A few days ago I posted a story about a challenge to the constitutionality of the unified bar system in Texas. See here.
Today's news is that a similar lawsuit has been filed in Oklahoma.
The lawsuit, in a case called Schell v. Williams, filed on March 26, alleges that Oklahoma's requirement that attorneys join the state bar association to practice in the state is unconstitutional because by forcing attorneys to join the Oklahoma Bar Association, the state violates their First Amendment rights to free speech and association
As I discussed in my previous posts on this, this is not a new argument but it is not a frivolous argument. The question really goes to the core of whether such a requirement is necessary to regulate the legal profession or improve the quality of legal services. As of right now, there are similar challenges pending in, at least, Texas and North Dakota and the results in these cases will have national implications.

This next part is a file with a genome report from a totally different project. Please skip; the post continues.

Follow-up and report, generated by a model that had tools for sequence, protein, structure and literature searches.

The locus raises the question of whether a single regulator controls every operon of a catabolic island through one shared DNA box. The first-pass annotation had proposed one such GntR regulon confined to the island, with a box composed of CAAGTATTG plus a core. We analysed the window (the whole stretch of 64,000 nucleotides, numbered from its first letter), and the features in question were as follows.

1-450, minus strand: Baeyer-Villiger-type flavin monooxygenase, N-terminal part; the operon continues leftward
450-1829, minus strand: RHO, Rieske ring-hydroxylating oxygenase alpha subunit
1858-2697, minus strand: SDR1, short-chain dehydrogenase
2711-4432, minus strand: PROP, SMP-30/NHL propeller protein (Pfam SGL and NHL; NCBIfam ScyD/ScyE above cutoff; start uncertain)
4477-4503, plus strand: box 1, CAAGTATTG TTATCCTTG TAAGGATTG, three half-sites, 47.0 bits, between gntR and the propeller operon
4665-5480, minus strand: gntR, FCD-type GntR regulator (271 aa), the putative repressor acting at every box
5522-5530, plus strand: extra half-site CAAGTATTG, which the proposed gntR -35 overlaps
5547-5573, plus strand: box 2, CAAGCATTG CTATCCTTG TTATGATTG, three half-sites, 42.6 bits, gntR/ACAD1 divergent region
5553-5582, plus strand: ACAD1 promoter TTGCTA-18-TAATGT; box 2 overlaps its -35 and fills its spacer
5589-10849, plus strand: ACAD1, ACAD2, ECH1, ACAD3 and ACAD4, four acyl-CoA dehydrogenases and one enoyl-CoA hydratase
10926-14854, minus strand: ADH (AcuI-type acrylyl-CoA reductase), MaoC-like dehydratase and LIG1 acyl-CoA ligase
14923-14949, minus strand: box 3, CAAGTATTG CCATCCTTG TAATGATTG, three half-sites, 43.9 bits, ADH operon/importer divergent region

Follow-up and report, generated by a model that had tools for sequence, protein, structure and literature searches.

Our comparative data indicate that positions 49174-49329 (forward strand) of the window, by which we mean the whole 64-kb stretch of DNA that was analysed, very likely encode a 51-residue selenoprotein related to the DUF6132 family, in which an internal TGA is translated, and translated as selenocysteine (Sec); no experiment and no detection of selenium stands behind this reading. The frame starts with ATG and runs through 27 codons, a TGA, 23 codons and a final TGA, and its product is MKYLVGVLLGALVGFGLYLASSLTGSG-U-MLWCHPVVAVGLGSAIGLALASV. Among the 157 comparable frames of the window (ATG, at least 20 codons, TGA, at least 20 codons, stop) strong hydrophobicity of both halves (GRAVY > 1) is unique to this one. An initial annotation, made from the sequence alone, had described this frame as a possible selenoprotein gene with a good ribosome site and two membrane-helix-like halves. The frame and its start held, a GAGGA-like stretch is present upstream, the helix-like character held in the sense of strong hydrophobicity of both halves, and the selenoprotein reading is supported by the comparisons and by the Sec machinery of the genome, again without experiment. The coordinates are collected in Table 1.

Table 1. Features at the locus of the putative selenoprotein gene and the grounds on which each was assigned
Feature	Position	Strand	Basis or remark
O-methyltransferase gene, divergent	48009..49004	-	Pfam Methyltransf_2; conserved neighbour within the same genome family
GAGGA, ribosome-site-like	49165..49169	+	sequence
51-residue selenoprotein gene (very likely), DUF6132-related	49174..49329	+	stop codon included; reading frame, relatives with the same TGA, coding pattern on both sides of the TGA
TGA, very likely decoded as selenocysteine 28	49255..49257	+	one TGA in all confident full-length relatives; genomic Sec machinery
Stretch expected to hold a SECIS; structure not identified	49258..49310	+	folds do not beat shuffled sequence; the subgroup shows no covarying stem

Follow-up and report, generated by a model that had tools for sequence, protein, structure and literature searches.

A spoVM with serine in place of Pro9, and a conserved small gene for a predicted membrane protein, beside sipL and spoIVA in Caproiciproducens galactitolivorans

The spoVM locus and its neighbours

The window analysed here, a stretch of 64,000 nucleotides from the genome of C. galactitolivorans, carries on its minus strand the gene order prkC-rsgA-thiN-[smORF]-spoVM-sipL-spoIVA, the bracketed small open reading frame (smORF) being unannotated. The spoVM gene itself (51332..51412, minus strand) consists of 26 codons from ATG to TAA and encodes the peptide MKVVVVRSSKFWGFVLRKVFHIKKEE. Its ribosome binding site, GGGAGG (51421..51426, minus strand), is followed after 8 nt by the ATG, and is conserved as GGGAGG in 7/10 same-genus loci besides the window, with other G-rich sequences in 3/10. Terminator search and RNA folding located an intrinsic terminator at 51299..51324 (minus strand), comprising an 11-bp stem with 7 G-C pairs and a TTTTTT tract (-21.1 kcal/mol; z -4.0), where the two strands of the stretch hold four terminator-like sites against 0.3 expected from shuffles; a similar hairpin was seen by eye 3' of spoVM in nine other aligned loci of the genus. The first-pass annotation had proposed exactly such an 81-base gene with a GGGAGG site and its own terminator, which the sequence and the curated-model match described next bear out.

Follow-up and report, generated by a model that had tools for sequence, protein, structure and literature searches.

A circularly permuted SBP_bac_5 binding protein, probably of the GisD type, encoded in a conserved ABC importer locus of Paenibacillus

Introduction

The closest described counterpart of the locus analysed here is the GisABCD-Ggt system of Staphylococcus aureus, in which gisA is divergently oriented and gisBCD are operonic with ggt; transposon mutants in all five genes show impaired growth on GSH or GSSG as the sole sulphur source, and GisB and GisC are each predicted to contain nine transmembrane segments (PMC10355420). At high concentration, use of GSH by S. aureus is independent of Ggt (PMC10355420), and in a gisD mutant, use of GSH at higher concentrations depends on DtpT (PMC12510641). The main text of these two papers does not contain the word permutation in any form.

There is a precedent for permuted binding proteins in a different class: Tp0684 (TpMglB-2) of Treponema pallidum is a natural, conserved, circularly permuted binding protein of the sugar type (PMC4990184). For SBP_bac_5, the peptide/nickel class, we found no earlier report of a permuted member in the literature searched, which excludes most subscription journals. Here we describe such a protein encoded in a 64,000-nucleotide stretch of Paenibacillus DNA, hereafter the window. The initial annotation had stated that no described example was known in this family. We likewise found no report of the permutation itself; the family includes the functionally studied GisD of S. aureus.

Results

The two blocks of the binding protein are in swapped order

UPDATE 4/5/19: As I have said elsewhere, the question of whether mandatory membership in a bar association violates the First Amendment is not a new issue, so it is interesting that it is making such a strong comeback. In addition to the cases I reported recently, I was recently reminded by a reader of the blog that there are two separate lawsuits filed on similar grounds in Oregon as well as ongoing longstanding litigation against the Washington State Bar.
In Oregon, at least one of the lawsuits contends that the fact the state bar published a statement condemning White Nationalism and, what it called the "normalization of violence" was "blatantly political" and unconstitutional.
UPDATE 5/28/19: Another lawsuit claiming requiring lawyers to be members of the state bar association violates the First Amendment has been filed. The case is called Jarchow v State Bar of Wisconsin (Case No. 3:19-CV-00266) was filed, you guessed it, in Wisconsin on May 21.